Time management is one of the topmost challenges for almost every functional human being. When my clients come with this question, I tell them that time is a fixed resource. No matter how hard you try, you can’t make it unlimited. However, there are other ways to look into this challenge.
We “hide” under the time question only to avoid addressing some other underlying issues.
I ask: What would you achieve when you have better time-management?
A typical answer: “I will be able to do everything I want to do and will be able to spend time with my family and for myself and do exercise …” and the list goes on. Notice the answer, it is the same as “I will be able to buy anything I want if I can do better money management”. It doesn’t work that way!
Let’s go a little deeper. Though the symptom is the same, the root cause could be different.
Scenario 1: “Activity is Productivity” – I want to do everything.
“Doing everything” you are asked could be a moving target. Such expectation itself could set one up for failure.
Questions for you: 1. What tasks are most important to you? What outcome do you want by completing those? (in a week, month, or a year, ten years)?
2. What tasks can you let go of without compromising your big picture outcome?
3. What tasks can you delegate, get help, or get paid service for?
If you can’t find enough for #2 and #3, you may need to pay attention to your underlying assumptions or limiting beliefs. Some common ones are: “I am in charge means I do things myself; otherwise, I lose authority, control, and respect.”, “No one can do as well as I do.” Find yours!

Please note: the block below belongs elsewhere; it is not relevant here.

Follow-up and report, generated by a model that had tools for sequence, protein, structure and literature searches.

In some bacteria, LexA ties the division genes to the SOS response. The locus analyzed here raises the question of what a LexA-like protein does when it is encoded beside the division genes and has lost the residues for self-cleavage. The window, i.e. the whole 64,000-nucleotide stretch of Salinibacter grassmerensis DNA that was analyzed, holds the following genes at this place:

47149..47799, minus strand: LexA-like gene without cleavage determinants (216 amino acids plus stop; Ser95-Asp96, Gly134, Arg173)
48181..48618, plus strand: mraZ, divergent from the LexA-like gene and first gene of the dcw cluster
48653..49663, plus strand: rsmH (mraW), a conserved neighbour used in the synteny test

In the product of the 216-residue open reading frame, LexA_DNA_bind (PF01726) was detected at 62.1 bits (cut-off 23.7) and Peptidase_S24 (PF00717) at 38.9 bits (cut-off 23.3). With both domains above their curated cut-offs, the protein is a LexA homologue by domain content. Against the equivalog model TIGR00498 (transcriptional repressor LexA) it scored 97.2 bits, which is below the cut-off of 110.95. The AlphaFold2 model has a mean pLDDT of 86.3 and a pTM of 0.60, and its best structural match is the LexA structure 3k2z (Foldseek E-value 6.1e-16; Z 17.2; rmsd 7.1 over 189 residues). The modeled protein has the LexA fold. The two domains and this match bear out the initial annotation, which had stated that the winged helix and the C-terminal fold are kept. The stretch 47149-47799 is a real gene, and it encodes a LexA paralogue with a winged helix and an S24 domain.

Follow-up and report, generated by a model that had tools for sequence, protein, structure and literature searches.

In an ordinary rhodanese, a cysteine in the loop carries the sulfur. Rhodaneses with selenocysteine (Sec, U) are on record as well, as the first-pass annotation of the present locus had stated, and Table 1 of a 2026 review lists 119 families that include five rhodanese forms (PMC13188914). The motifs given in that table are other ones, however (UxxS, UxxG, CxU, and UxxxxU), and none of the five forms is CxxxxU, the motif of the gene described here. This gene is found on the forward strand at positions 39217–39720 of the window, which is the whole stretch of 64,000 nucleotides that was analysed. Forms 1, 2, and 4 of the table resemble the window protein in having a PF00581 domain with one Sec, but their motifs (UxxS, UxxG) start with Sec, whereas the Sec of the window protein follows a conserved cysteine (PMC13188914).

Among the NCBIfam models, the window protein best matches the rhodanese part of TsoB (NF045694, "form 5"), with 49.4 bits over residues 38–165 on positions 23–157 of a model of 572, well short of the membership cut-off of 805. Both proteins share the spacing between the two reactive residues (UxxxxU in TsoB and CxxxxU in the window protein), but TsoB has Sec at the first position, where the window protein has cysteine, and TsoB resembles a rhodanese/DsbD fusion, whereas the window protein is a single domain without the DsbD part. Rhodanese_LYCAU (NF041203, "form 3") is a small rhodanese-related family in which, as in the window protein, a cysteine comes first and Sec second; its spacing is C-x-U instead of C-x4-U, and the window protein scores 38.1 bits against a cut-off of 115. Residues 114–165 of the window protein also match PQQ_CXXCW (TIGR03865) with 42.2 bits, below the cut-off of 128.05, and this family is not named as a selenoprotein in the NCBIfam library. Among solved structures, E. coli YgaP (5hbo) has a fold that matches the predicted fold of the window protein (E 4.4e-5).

Scenario 2: “I Never say No” – I see the value, so I say yes.
I have seen two main categories in this:
a. “No” hurts relationships – I know I am already busy, but if I say “No,” I will hurt this person. (For damage control) Maybe I will make time by being more efficient, by canceling the coffee chat with my friend or skipping my exercise time.
Questions for you: What is the underlying assumption when you say, “saying no will hurt someone”? Common ones: “The requester has no other option,” “He/she is not capable enough to hear a no,” “Saying no is rude,” “If I say no, I will no longer be needed.” When you always say yes, how strong are they? What would be a polite way to say no or not yet to the current request, so you don’t over-commit? Read Katherine’s Time Management Dilemma for some ideas.
b. Not enough data about my availability – I don’t exactly know whether I am entirely busy or not. Maybe I will have time on one of the weekends. Why say “no” when I want to do this.
Most likely, you don’t use a calendar for time allocation, and you don’t necessarily account for personal or family time. You could be over-committing and under-delivering.
Questions for you: How do you see time? Think about a metaphor, for example: Is this a free-flowing stream? Is this a space bounded by walls? What is the cost you are paying now by over-committing and under-delivering? What does your “Yes” mean – “Sure (would be nice to do it)” OR “I am committing to this” (and keep your word)?
To get an idea for how to say a strong yes, read this post: Why Do I Do It? 3 Steps to Clarify Your Commitments.
Where are other Scenarios?
If you wonder why I am not talking about the to-do list and plans yet, here is why. The internet is full of that advice already: Make a plan, do brain-intensive work in the morning, manage distractions. I mentioned some in these articles:
Feeling overwhelmed? You might be overloading your PFC
Work-life balance in my own backyard
Want to Take Your Career to the Next Level? Manage Your Attention Wisely
If you want to solve the time management issue without making a fundamental change in your behavior or internal belief system, you may get disappointed soon. That is an integral part of the learning, though. If you are in that disappointed state already, start digging deeper; you will discover something bigger and better for sure!
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This article was originally published in June 2013. Feature Image is by Jan Vašek from Pixabay